13 Sep - 14 Sep 2008 Ko Rang Yai

Indian Ocean
Andaman Sea
Kingdom of Thailand aka The Land of Conditional Smiles
Ko Phuket
Phang Nga Bay
Ko Rang Yai
SY "Kamu II" at anchor, off Ko Rang Yai, at 8 m depth, on sand.

Click below for an interactive satellite view of the very last anchorage ever of our faithful SY "Kamu II":









Spending a very quiet and peaceful last night at anchor on board of our SY "Kamu II", at a safe position halfway in-between Ko Rang Yai and a tiny islet, saying our goodbyes to eight wonderful and rewarding years as liveaboards and recalling the hundreds of diverse anchorages from the previous years: in the Mediterranean, in the Red Sea and the in Indian Ocean with the Arabian Sea, the Bay of Bengal and the Andaman Sea.

"In the event that this fantastic voyage
Should turn to erosion and we never get old
Remember it's true, dignity is valuable
But our lives are valuable too..."
(David Bowie)



Click below for more blog posts about interesting anchorages


Facing Thailand
© Konni & Matt

 
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11 Sep - 13 Sep 2008 Ao Chalong


Indian Ocean
Andaman Sea
Kingdom of Thailand aka The Land of Conditional Smiles
Ko Phuket
Ao Chalong
SY "Kamu II" anchoring off, at 4 m depth, on mud. 

Click below for an interactive satellite view of our safe and protected mud anchorage:





 





Experiencing the squalliest sea passage ever and learning to distinguish between two types of squalls: (i) regular SW monsoon squalls and (ii) “propeller squalls” - the latter ones had the 50 plus knot force to spin the propeller of our out-boarder, when in neutral, which is attached to our push pit.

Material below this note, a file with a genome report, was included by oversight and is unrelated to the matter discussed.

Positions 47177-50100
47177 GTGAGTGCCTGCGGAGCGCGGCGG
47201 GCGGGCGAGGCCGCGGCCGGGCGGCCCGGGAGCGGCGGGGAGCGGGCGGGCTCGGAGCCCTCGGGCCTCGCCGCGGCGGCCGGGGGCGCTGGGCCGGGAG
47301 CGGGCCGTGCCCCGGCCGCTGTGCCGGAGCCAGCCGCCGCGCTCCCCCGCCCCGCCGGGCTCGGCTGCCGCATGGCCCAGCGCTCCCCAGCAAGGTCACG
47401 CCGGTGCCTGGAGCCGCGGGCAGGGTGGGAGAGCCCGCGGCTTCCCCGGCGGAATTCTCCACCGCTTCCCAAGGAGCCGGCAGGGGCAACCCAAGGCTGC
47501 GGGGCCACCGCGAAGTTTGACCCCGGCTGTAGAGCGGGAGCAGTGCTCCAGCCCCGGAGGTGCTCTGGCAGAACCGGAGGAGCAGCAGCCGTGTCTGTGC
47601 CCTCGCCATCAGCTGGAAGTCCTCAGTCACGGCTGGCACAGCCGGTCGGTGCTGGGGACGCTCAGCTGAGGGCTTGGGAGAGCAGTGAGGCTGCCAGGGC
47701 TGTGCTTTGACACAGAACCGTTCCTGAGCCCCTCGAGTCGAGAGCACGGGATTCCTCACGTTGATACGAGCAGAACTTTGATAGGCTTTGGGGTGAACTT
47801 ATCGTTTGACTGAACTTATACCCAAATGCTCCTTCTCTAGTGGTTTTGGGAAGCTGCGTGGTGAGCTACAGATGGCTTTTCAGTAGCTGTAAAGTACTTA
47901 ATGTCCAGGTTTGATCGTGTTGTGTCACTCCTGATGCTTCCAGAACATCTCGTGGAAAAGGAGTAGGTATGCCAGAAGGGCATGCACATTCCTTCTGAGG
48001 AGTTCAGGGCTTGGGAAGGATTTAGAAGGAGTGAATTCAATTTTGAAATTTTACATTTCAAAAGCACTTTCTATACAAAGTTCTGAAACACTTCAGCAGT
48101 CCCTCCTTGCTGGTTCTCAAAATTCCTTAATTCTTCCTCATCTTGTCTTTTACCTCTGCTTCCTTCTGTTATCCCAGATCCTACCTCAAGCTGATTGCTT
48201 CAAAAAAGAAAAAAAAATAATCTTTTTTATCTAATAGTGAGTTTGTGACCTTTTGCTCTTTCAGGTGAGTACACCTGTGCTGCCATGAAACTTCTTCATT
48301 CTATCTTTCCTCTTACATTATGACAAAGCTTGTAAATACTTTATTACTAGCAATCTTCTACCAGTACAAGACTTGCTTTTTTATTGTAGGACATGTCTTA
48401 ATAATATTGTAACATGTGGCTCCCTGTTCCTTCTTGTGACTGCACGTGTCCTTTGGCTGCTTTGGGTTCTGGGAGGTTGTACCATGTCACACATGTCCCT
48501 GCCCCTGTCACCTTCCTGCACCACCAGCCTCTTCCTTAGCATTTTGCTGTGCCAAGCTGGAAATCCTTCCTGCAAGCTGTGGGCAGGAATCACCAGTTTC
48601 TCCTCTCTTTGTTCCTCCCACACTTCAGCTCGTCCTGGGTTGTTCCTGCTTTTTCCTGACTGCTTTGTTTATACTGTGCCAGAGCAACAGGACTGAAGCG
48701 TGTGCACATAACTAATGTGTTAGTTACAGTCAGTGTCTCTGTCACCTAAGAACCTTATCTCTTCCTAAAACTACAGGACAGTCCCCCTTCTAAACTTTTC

Meeting brave fishermen from Sri Lanka, in heavy seas at about N 04° 25.00' E 078° 08.00', and establishing friendly rapport with them over a distance of a couple of dozen metres.

Finishing the very last of the seemingly everlasting red Indian onions, which we had bought at Mapusa in March 2008, almost six months ago, on 25 August 2008 at N 04° 50.22' E 079° 16.75'.



Crossing the shipping highway between Singapore and Port Said at about N 05° 30.00' E 087° 45.00' under sails in very light winds with a speed over ground of barely 1 - 2 knots at night-time, lighting up the sails with our powerful searchlight and thus "forcing" all these fast container vessels and roll-on/roll-off-ships from the Far East to give way to SY "Kamu II" under sails - we luckily did never hear their curses.


Missing the opportunity of a hot shower and a free late-night dinner at the captain’s table of one of the many big ships in our vicinity when we, but only for a few minutes, considered the option of a pan-pan call, since we had found plenty of saltwater in the bilges and assumed a leaking welding seam, but were both very relieved when Konni eventually confessed that she had only forgotten to close a sea cock before we heeled over in one of these nasty squalls which hit us quite hard in this sleepless night.




Matt: Hallucinating typical cyclone indicators for the Bay of Bengal at least three times a day, until he was running out of Scotch: (i) sudden barometer drops of 3 - 5 mill bars below the mean pressure for this time of year, (ii) abrupt changes in wind direction and strength, (iii) long, low swell, with a long period, contrary to the perceived prevailing swell, and (iv) solid amounts of cirrus clouds followed by altostratus clouds and broken cumulus clouds.